Several thousand people were in attendance, including former Alaska Gov. Sarah Palin and her husband. Some in the somber crowd carried flower bouquets.
Many said before the service started that they didn't know the 38-year-old Kyle, whom authorities say was killed Feb. 2 at a North Texas shooting range by an Iraq War veteran.
Air Force Master Sgt. Kevin Phillips said he wasn't surprised by the large turnout. He came from his Fort Worth home to honor "a brother in arms."
"I'm here to pay my respects to him, and also for all of those who have fallen while serving this country," said Esperanza Meza, who is in the Texas State Guard.
Before and during the service, pictures of Kyle, his family and SEALS were shown on a large screen in the stadium. The back page of the memorial service program included handwritten notes from Kyle's young kids, signed "Baby Girl" and "Bubba."
Kyle completed four tours of duty in Iraq and wrote the best-selling book "American Sniper."
Kyle's funeral service is scheduled for Tuesday. He will be buried at the Texas State Cemetery in Austin after a 200-mile funeral procession.
Another Iraq War veteran, 25-year-old Eddie Ray Routh, has been charged in the killings of Kyle and his friend Chad Littlefield at a gun range. Routh is being held in Erath County on $3 million bond.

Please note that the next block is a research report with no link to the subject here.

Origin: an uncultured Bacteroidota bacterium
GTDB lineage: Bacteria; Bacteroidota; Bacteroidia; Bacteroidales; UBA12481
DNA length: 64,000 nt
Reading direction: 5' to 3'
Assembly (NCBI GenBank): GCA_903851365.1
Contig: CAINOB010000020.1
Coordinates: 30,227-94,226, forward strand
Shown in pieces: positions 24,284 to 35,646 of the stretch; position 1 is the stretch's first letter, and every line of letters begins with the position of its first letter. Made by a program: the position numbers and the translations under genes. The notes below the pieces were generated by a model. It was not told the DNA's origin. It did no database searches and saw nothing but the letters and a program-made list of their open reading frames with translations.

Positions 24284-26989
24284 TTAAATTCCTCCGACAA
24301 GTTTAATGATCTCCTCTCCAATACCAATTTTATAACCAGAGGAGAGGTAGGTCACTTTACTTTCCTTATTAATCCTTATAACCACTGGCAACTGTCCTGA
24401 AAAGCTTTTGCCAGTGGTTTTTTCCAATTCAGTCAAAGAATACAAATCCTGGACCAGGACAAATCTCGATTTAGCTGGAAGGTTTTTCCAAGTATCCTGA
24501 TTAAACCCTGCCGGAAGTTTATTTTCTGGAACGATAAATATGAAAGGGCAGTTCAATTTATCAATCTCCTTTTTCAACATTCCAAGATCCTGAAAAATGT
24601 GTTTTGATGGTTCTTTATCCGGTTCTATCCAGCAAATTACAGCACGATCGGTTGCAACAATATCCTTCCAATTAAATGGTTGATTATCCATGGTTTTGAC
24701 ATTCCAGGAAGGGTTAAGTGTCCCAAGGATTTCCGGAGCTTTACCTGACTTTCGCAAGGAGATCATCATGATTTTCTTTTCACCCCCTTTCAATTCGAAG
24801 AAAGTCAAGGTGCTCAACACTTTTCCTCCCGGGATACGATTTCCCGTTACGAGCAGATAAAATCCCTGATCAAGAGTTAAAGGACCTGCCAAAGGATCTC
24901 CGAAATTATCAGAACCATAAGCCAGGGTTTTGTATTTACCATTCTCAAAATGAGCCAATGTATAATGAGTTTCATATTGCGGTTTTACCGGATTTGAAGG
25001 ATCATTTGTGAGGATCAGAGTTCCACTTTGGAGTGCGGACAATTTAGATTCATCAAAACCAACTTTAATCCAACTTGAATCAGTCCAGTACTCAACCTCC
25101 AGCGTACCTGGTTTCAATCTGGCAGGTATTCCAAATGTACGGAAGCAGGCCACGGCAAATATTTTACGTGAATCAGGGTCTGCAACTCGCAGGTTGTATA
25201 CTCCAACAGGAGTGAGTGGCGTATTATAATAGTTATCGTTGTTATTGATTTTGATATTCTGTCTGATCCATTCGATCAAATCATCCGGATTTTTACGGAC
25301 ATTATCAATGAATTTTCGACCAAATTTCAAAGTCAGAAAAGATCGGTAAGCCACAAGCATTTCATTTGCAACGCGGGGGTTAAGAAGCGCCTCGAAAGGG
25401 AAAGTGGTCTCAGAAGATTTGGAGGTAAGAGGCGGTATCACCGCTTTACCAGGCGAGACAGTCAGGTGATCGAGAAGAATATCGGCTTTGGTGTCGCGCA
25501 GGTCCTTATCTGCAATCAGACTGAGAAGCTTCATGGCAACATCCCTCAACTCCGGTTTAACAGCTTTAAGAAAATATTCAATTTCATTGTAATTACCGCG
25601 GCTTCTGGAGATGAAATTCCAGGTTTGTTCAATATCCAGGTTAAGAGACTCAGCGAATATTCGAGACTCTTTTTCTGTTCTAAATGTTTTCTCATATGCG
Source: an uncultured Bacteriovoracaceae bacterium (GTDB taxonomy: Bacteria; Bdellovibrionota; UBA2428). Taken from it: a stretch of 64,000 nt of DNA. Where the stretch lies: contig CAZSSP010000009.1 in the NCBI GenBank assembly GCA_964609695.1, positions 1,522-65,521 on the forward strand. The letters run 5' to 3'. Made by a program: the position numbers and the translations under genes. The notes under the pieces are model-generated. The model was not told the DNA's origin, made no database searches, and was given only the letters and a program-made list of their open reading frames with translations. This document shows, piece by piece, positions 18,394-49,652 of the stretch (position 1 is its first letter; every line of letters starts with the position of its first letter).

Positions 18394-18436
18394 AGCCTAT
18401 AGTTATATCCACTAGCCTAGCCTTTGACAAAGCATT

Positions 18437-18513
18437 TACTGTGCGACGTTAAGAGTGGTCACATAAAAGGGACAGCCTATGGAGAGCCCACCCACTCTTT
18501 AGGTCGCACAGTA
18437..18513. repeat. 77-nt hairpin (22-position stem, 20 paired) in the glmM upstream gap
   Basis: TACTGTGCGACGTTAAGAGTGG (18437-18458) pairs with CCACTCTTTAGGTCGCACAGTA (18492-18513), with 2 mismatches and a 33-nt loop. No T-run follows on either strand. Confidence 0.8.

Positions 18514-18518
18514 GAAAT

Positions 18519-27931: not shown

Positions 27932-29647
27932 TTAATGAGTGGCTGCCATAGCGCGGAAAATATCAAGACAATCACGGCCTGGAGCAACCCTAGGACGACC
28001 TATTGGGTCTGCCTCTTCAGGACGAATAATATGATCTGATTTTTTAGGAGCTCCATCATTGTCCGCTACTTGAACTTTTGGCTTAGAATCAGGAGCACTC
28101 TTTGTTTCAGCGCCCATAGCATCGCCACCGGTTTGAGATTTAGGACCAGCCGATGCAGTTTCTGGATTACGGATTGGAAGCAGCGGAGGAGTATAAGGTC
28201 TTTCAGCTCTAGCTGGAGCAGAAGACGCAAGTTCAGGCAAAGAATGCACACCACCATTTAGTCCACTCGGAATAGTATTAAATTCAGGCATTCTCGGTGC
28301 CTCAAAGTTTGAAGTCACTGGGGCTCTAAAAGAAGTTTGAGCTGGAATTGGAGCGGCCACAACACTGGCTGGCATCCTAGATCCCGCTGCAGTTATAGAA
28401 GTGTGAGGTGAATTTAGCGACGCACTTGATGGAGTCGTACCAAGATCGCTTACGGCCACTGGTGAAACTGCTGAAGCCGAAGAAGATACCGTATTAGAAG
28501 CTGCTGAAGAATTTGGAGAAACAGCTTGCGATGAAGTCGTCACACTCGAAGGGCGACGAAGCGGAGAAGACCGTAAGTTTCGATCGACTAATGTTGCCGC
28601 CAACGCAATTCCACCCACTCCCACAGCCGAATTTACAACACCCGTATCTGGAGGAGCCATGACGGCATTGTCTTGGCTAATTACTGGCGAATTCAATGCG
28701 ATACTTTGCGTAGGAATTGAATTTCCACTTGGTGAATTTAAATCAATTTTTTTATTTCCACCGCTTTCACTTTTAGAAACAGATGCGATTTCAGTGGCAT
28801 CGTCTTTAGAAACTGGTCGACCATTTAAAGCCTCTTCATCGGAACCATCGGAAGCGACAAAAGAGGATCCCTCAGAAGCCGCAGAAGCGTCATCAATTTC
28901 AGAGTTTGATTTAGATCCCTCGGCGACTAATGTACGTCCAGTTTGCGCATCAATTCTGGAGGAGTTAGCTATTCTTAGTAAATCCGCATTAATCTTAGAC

The director of the nonprofit that Kyle set up to give in-home fitness equipment to physically and emotionally wounded veterans has said that Kyle and Littlefield apparently had been helping Routh work through post-traumatic stress disorder.
Kyle, Littlefield and Routh were all together when they arrived at the shooting range at Rough Creek Lodge, about 50 miles southwest of Fort Worth, authorities say. Routh later fled the range in Kyle's truck and went to his sister's home.
According to a search warrant, Routh told his sister and brother-in-law that the men "were out shooting target practice and he couldn't trust them so he killed them before they could kill him." Routh's sister called the police, describing her brother as "psychotic." Routh was arrested after a short police chase.
Routh's brother-in-law told authorities that Routh had recently been diagnosed with post-traumatic stress disorder. One of Routh's attorneys, J. Warren St. John, said his client had been released from the Dallas Veterans Affairs hospital against his family's wishes just two days before the shootings.
Littlefield's funeral was held Friday in Midlothian, where he and Kyle were neighbors. After the funeral, Littlefield's relatives said the men's outing with Routh was intended to be therapeutic.
Littlefield's father-in-law, Tom Montgomery, said Kyle regularly took veterans to the shooting range, and that Littlefield often assisted in efforts to help veterans.